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ACES holds International Parade in hallways
Fifth grade social studies students create floats for different countries
Click on headline for story with photo(s)
By Wes Feese
Media Relations, Adair County Schools
Fifth graders at Adair County Elementary School hosted a parade in the school's hallways Friday afternoon, February 3, 2017, for the enjoyment of their fellow students and the enrichment of their own cross-cultural understanding. The project, led by social studies teachers Angie Smith and Tammy Shelton, featured hand-made floats representing different countries around the world.
"It was exciting for me because the students were so excited," Smith says. "They did so well building the floats and learning about their countries. I was very proud of them."
The project served three main purposes. The first was the incorporation of STEM (science, technology, engineering and math) principles by way of designing and building the floats, which had to be framed with shoeboxes. The second was to introduce a foreign language to the students. Each student had to learn to say "hello" and "goodbye" in his or her country's language, but many went much further in their study of the language. "They were quizzing each other with different words and trying to put sentences together," Smith says. "When they were parading down the hallway they were greeting the other kids in their country's language."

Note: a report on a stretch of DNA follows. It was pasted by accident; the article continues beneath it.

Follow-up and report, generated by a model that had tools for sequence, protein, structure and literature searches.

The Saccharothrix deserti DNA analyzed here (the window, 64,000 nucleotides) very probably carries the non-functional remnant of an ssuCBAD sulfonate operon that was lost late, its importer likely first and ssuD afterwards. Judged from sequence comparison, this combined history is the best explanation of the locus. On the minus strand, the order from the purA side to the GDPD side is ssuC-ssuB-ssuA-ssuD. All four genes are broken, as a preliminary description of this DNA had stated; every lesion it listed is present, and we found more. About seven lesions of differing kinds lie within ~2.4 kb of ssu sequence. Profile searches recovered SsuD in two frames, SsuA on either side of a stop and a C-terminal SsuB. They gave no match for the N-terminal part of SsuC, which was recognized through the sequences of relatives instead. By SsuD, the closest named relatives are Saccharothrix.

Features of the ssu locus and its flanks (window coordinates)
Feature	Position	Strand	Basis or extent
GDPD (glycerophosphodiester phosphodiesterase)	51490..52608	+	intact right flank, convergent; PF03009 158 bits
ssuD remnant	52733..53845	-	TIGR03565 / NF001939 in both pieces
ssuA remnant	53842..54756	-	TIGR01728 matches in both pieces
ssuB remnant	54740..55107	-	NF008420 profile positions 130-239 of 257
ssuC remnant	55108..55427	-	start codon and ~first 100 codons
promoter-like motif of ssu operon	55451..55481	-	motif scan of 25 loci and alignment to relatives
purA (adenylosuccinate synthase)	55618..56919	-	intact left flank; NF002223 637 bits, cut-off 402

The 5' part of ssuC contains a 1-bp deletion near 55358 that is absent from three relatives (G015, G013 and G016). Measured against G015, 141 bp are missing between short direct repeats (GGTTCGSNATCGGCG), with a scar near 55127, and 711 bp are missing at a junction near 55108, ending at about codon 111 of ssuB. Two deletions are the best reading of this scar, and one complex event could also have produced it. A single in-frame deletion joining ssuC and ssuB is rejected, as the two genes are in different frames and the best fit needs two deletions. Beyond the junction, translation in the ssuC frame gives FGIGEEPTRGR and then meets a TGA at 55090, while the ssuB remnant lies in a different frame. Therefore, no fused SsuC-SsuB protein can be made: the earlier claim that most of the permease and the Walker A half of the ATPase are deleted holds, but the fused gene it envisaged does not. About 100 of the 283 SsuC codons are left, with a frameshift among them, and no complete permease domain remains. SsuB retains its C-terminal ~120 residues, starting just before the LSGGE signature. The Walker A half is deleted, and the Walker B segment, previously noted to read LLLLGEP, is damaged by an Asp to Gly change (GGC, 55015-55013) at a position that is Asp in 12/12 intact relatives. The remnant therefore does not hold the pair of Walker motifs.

The third purpose of the project was to learn about different countries' beliefs, social customs, politics, art, and popular pastimes. Each float was required to have at least three demonstrations of the country's culture, though some students greatly surpassed that number.
"They spent two whole class periods - more than two hours," building their floats," Smith says. "They were split into small groups so each student had to do a lot of the work, and they had to do everything at school, not take it home."
The parade earned rave reviews from students participating, students watching along the sides of each hallway, and the teachers who helped make it all happen.
"It seemed like all the students really enjoyed it," Shelton adds. "Once they got into it they wanted to keep learning more and more about their countries, so that's always nice to see."
This story was posted on 2017-02-06 13:55:29
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